MOSCOW (Reuters) – Thousands of people took to the streets of several Russian cities on Sunday to protest against Vladimir Putin on the eve of his return to the presidency, but opposition hopes of staging a “march of a million” fell flat.
At least 20,000 people protested under banners and flags in Moscow, chanting “Russia without Putin” and “Putin – thief”, the day before a lavish inauguration inside the Kremlin at which the head of the Russian Orthodox Church will bless Putin.
Demonstrators carried a black coffin bearing the word “democracy” through the Pacific port city of Vladivostok and several people were detained there and at protests in the Urals city of Kurgan and Kemerovo in western Siberia.
Many of the protesters are angry that Putin is extending his 12-year domination of Russia, despite being undermined by large protests from December to March, and fear he will stifle political and economic reform in his third term as president.
“History shows that if one person rules for a long time, especially using the methods of a dictator, nothing good comes of it for the country,” said an 85-year-old World War Two veteran in Moscow who gave his name only as Alexander.
Holding a banner saying “Putin lost my trust”, 44-year-old Andrey Asianov said: “I trusted Putin as long as he ruled within the bounds of the constitution but our law limits the presidency to two consecutive terms. He and his clown (outgoing President Dmitry) Medvedev spat on that.”
But the sting has gone out of protests since Putin was elected to his third term as president of the world’s largest country and biggest energy producer with almost 64 percent of the vote in the March 4 presidential election.
Opposition efforts to draw big crowds were also hit by the departure of many city dwellers for the countryside as Sunday was the start of a national holiday lasting until Thursday.
The Moscow protest was marred by the death of a photographer who Itar-Tass news said fell from a balcony as he tried to take pictures of the rally on a square across the Moscow river from the Kremlin.
Putin, a former KGB spy, simply ignored the protests. He looked relaxed as he attended a religious ceremony led by Russian Orthodox Patriarch Kirill that marked the transfer of a revered icon from a museum into the hands of the Church.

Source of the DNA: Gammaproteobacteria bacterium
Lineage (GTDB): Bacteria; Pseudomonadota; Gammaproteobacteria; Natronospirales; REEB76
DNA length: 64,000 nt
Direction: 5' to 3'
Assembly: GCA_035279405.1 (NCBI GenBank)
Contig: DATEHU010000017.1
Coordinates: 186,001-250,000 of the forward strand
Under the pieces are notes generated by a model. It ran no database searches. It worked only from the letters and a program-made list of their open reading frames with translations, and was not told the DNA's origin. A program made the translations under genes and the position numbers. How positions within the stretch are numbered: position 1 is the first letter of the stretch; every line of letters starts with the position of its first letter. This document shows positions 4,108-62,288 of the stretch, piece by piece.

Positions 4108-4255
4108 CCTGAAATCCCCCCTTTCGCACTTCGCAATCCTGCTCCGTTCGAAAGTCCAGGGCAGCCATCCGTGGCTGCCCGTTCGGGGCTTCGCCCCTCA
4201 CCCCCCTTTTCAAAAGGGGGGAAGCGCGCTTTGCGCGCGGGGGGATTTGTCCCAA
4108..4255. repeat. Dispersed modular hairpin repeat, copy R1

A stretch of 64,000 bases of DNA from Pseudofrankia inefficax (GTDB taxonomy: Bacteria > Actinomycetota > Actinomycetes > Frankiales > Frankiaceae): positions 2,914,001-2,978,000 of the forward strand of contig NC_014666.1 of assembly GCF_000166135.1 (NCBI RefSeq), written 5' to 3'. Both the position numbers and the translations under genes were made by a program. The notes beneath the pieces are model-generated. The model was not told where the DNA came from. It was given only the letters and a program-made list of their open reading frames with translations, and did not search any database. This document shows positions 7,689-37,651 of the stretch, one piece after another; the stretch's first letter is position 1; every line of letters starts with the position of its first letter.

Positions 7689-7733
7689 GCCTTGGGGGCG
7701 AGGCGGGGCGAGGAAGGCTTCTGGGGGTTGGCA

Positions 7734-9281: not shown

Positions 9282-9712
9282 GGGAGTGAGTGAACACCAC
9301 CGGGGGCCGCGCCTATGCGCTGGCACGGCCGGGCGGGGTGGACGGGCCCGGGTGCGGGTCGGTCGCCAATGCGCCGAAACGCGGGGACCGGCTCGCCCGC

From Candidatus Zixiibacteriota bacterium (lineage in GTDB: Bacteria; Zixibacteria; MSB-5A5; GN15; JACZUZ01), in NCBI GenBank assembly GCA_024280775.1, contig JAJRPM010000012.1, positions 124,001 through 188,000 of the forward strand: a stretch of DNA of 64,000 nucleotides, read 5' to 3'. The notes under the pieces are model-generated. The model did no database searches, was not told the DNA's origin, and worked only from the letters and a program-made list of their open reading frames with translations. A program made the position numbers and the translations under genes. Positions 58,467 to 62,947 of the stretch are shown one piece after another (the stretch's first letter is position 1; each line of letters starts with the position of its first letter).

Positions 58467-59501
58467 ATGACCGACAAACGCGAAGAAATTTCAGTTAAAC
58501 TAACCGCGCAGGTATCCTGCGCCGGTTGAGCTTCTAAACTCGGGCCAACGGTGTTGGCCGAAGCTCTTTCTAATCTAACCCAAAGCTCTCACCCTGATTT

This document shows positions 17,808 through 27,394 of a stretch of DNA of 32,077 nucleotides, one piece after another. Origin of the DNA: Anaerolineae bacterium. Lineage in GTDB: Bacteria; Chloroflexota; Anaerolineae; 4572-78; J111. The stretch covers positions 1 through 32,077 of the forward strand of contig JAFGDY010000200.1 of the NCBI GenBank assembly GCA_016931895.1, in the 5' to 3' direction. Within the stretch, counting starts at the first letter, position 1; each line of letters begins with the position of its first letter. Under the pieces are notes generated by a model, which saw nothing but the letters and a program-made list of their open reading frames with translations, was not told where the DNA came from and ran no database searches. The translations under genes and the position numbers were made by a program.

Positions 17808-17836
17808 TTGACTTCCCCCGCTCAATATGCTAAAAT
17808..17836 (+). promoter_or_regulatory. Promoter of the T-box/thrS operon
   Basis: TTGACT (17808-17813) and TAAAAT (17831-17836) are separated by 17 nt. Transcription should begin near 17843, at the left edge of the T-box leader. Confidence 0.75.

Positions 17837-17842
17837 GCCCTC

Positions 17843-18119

Thousands of Putin supporters were expected to attend a separate rally in Moscow later on Sunday that was intended to show he enjoys more support than the opposition.
Putin, 59, has dismissed allegations that widespread fraud helped him win the presidential election and secured victory for his United Russia party in a parliamentary poll in December, but the opposition says he was illegitimately elected.
“We cannot stay silent and watch this disgrace,” said Boris Nemtsov, a liberal opposition leader. He said Putin had come to regard his inauguration on Monday as a coronation but it should be seen as the “funeral of honest politics”.
Medvedev has pushed only limited political reforms through parliament following the protests, which at their height attracted tens of thousands of people in Moscow and St Petersburg but did not spread outside big cities.
The demonstrations have deprived Putin of his aura of invincibility, and opposition candidates have been trying to get a foothold on power in municipal elections, but the size of the protests on Sunday was unlikely to trouble the president-elect.
Even so, protesters said Sunday’s rallies were another signal to Putin that Russia had changed as he returns to the Kremlin after four years absence, even if change was coming slowly two decades after the collapse of the Soviet Union.
Such protests were unthinkable until December, when anger over the electoral fraud allegations spilled over.
“Civil society is taking shaping little by little. People will concentrate more on local problems and change things from the bottom up. It’s clear we aren’t going to march on the Kremlin,” said Maria Golinchuk, 25, a kindergarden teacher.
(Writing by Timothy Heritage; Editing by Alison Williams)